Grade 7 Dvar Torah by: Orli
When I was little, maybe two years old, I went to see the zoo lights and made a perfect snow angel. I was very proud. So when it was time to leave I threw the biggest fit ever, because I didn’t get to say goodbye to my snow angel. My mom had to make a choice whether to comfort me and give me empathy because I was sad, or put me in timeout because I misbehaved.
In my Torah portion, Mishpatim, God gives the Israelites detailed rules to follow after getting the ten commandments. There are so many rules in this parashah, I could go on for ages. Some examples of these rules are how to treat Hebrew slaves, animal property and when people get into fights and breaking into people's houses. Then God mentions the stranger, the widow, and the orphan. In Exodus chapter 20, the Torah says, “You shall not wrong a stranger nor oppress him, for you were strangers in the land of Egypt.” In other words, God wants us to feel empathy for the stranger.
The Torah then goes on to say, “You shall not mistreat any widow or orphan. If you do mistreat them, I will heed their outcry as soon as they cry out to Me, and My anger shall blaze forth and I will put you to the sword, and your own wives shall become widows and your children orphans.” In other words, God threatens to kill us if we don’t take care of the widow and the orphan. Now when I looked at these two commandments in closer detail my question was: why does God want us to have empathy for the stranger, but does not set out consequences if we don’t, but then lays out the ultimate consequence for us if we don’t care for the widow or the orphan?
My question is, when are we motivated to do things based on empathy? In the wise words of Rabbi Google, empathy is defined as: the ability to understand and share the feelings of another. Empathy is when you see someone sad or upset, you relate to what they are going through, and that understanding helps you to help them. In the Torah, we are meant to help the stranger because we were strangers in the land of Egypt. Empathy compels us to take action.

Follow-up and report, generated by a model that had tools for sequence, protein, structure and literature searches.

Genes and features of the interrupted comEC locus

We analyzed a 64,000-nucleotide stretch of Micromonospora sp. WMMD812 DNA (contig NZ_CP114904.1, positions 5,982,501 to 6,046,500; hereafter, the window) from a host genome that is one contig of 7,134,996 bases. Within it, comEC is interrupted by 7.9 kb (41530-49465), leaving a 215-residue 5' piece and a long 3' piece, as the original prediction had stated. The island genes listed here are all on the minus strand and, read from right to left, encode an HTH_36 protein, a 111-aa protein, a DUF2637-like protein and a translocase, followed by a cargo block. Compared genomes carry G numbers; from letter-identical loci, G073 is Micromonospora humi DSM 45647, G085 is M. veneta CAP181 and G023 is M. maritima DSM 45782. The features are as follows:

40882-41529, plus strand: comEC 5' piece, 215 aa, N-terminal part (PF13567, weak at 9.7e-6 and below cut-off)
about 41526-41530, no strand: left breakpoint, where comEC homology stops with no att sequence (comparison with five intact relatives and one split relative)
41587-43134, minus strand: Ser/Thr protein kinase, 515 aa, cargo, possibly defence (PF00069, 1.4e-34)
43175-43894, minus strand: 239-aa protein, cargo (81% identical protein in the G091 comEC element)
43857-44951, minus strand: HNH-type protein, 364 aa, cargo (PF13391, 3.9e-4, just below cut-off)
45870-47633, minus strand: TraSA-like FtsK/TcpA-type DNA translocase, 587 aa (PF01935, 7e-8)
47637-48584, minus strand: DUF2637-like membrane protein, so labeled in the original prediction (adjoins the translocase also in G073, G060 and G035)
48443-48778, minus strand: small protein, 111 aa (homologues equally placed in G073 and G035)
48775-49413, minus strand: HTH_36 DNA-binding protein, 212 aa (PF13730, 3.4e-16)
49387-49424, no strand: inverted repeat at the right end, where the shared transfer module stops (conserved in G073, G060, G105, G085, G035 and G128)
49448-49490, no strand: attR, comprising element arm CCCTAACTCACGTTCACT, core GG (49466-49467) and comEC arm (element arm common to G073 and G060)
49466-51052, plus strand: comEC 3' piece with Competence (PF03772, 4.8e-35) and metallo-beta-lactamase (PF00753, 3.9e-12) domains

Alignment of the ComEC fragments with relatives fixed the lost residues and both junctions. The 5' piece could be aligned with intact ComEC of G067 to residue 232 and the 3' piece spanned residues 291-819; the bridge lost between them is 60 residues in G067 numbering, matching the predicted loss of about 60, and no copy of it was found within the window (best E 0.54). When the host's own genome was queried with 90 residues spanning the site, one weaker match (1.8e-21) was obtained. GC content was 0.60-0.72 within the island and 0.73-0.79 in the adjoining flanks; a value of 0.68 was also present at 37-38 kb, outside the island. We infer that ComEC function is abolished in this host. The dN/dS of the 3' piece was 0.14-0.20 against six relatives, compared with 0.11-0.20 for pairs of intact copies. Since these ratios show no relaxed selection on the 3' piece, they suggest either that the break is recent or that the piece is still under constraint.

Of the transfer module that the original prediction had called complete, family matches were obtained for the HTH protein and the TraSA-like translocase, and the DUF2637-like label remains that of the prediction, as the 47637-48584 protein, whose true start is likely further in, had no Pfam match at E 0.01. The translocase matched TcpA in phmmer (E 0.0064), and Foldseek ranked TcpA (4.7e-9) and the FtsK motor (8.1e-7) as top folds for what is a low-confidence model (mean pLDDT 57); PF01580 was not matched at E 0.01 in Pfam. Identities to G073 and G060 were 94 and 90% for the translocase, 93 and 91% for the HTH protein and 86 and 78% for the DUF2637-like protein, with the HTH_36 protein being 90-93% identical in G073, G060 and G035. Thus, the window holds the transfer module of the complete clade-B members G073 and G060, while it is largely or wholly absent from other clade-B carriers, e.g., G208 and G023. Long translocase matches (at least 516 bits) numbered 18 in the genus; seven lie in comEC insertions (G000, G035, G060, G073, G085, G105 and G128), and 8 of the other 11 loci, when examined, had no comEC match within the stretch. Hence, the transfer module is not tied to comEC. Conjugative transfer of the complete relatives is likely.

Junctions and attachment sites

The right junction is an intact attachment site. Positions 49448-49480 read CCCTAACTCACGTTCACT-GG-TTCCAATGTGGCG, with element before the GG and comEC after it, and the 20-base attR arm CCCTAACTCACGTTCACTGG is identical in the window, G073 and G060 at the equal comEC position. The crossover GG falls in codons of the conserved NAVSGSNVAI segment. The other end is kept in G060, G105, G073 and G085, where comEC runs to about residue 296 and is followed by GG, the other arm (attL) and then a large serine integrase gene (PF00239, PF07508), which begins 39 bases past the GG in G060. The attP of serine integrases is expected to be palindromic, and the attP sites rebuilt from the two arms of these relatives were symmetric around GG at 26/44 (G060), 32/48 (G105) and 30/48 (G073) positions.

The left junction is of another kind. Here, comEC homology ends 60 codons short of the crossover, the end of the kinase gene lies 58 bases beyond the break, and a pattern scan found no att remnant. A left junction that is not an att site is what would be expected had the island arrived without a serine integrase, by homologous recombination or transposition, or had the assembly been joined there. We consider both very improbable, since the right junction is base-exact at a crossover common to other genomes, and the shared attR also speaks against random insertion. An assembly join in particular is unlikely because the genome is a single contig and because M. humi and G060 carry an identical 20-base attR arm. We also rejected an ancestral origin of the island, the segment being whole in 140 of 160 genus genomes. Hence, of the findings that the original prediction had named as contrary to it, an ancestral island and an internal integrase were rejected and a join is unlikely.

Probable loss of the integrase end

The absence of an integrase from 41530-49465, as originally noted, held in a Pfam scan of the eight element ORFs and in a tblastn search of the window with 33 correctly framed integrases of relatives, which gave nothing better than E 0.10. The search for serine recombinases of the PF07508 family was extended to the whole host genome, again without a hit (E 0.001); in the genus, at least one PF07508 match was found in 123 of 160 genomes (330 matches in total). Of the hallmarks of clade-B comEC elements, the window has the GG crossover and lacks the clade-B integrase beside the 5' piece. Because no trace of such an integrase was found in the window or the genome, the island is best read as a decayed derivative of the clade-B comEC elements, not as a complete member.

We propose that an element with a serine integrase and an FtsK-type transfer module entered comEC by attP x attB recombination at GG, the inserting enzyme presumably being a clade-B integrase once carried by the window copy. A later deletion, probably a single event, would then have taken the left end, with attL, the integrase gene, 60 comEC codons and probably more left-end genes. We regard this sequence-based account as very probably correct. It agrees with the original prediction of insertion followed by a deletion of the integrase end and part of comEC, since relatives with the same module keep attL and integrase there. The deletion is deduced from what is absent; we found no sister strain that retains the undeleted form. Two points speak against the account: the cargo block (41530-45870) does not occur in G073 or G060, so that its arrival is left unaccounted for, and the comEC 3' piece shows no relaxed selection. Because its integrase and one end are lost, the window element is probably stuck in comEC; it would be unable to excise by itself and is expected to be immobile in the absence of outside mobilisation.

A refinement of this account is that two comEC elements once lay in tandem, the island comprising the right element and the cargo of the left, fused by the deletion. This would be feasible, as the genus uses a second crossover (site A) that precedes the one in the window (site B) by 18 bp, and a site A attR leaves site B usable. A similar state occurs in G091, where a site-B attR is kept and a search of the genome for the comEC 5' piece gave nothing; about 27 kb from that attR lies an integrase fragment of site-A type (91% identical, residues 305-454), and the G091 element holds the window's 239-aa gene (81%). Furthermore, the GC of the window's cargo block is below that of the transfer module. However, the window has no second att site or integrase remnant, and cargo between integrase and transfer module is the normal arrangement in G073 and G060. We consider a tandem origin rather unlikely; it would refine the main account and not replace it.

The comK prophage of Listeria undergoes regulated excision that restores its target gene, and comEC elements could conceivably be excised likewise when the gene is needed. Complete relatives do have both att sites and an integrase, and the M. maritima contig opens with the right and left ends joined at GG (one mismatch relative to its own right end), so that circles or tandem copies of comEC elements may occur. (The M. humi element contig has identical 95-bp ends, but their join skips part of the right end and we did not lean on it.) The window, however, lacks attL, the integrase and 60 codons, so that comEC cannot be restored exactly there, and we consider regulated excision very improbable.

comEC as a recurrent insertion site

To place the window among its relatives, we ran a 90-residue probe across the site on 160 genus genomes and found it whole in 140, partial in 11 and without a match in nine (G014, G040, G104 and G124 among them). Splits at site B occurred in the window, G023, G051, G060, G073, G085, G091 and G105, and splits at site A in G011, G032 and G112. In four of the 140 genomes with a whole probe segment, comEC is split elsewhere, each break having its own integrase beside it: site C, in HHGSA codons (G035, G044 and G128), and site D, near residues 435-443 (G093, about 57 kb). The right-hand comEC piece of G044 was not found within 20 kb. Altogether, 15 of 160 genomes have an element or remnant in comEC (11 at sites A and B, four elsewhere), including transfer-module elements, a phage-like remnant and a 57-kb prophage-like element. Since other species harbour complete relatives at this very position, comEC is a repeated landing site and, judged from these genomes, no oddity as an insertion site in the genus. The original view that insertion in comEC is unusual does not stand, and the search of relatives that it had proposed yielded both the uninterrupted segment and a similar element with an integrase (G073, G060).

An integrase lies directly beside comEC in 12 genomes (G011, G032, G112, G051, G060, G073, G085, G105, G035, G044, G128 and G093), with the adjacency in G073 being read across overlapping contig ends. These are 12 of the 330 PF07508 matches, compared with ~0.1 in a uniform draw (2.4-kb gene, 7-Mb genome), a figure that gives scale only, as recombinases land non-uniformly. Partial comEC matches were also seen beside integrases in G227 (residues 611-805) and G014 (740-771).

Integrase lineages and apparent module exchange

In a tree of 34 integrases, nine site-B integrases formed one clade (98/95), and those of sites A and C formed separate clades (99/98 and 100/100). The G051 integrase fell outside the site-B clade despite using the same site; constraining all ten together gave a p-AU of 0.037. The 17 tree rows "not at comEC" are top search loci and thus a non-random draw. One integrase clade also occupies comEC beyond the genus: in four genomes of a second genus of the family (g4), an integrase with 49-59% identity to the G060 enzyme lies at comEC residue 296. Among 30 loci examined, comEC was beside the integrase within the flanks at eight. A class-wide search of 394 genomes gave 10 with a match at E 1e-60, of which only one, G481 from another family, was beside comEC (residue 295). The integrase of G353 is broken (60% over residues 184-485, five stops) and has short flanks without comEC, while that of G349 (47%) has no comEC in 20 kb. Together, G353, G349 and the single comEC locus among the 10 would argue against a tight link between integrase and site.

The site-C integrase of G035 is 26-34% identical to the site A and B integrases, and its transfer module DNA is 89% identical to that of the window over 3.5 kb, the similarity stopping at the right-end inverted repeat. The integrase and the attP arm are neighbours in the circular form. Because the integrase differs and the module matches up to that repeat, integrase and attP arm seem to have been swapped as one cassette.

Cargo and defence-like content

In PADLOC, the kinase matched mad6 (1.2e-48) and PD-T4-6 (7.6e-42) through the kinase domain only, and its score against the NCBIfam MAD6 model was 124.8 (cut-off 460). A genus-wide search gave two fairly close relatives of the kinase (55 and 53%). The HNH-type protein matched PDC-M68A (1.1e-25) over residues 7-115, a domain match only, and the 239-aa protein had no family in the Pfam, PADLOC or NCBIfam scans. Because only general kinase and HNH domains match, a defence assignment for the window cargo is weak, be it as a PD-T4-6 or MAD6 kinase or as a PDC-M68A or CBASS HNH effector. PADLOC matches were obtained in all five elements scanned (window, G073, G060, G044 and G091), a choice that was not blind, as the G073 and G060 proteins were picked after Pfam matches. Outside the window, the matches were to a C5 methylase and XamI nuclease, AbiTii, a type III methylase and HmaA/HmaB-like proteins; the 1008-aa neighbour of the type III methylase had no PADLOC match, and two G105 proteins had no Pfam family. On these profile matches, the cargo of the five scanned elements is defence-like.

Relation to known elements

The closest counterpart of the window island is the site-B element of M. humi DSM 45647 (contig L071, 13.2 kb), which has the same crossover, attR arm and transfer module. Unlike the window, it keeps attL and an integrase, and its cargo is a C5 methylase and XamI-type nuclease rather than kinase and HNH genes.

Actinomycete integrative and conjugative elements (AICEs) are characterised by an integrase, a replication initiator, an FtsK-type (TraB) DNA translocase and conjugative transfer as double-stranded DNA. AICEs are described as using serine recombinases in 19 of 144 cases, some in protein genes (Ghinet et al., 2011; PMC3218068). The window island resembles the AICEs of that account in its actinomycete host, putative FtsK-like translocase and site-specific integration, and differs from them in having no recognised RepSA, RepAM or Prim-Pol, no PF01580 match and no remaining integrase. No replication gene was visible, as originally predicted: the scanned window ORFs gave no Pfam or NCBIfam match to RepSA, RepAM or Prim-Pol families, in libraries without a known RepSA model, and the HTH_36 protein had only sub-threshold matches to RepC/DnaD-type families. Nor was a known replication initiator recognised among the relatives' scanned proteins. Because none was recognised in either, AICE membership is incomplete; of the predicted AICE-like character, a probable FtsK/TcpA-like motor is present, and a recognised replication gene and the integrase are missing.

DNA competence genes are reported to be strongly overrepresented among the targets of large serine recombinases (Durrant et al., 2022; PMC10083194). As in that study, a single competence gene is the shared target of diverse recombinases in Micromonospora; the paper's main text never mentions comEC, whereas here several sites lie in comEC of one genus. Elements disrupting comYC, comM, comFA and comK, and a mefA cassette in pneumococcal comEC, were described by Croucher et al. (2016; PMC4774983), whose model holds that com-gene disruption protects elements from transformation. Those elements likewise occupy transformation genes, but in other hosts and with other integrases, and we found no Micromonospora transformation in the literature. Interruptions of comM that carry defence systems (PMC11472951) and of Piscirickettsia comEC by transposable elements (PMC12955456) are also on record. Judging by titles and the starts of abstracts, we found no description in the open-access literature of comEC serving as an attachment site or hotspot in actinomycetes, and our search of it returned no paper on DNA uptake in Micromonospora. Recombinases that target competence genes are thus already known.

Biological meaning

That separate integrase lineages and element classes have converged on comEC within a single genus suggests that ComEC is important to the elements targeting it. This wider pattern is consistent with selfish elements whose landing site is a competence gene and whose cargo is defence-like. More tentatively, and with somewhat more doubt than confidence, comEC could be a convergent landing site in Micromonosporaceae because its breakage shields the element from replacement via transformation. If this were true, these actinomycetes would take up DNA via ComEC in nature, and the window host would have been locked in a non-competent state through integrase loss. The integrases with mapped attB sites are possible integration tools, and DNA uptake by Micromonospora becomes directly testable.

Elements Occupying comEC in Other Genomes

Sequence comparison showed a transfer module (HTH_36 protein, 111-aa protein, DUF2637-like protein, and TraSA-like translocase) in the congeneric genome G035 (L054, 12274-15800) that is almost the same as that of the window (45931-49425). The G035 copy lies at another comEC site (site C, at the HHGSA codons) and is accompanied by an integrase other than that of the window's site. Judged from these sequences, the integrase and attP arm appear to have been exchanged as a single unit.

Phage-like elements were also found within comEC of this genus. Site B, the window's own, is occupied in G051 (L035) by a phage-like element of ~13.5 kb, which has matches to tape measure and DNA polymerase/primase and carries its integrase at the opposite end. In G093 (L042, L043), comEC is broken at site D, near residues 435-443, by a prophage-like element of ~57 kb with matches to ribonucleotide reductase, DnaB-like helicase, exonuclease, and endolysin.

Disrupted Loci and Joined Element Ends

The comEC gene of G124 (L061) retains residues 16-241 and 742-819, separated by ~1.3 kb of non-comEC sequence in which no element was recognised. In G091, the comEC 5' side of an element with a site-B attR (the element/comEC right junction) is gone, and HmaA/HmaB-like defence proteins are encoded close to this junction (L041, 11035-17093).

But I also wonder, when are we motivated to do things because of the fear of consequences? Let me give you an example of the consequences in my life. I was told to clean my room, I said no. I was told my phone would be taken away if I didn’t, so I cleaned my room.
In the Torah, God threatens a very serious consequence if we don’t take care of the widow and the orphan.
Why do we need both empathy and consequences as motivators? Do we really need both?
I decided to see what others have said about this topic. I started with Rabbi Shai Held. Rabbi Held makes a strong argument for the importance of empathy. In reflecting on the verse about oppressing the stranger, Rabbi Held says, “We should not oppress the stranger because we as a people remember what oppression can mean.” But I would argue that we should also individually personalize the Torah’s demand that we remember. Each of us is obligated, in the course of our lives, to remember times when we have been exploited or abused by those who had power over us. From these experiences in our own lives, the Torah tells us, we are to learn compassion and kindness.” In other words, Rabbi Held thinks that we need to go to another level of empathy, not just the historical level that we were strangers in the land of Egypt, but we also need to think of things that happen in our own lives so we give even more empathy.
I also looked at Rashi. In commenting on the verse about the orphan and widow, Rashi says, “That is also the law regarding any person, but the Torah is speaking of what usually happens and therefore mentions these in particular.” I think Rashi is saying that lots of people are vulnerable when they don’t have someone to protect them, and widows and orphans are the best examples of that. We need to protect them and be that someone who stands up for them. Perhaps, in a situation this important, we need more than empathy, we may need a consequence if we fail to do so. Just knowing that widows and orphans may not have someone to stand up for them, may not be enough, after all, most of us haven’t been widows or orphans, so we need a consequence to push us more.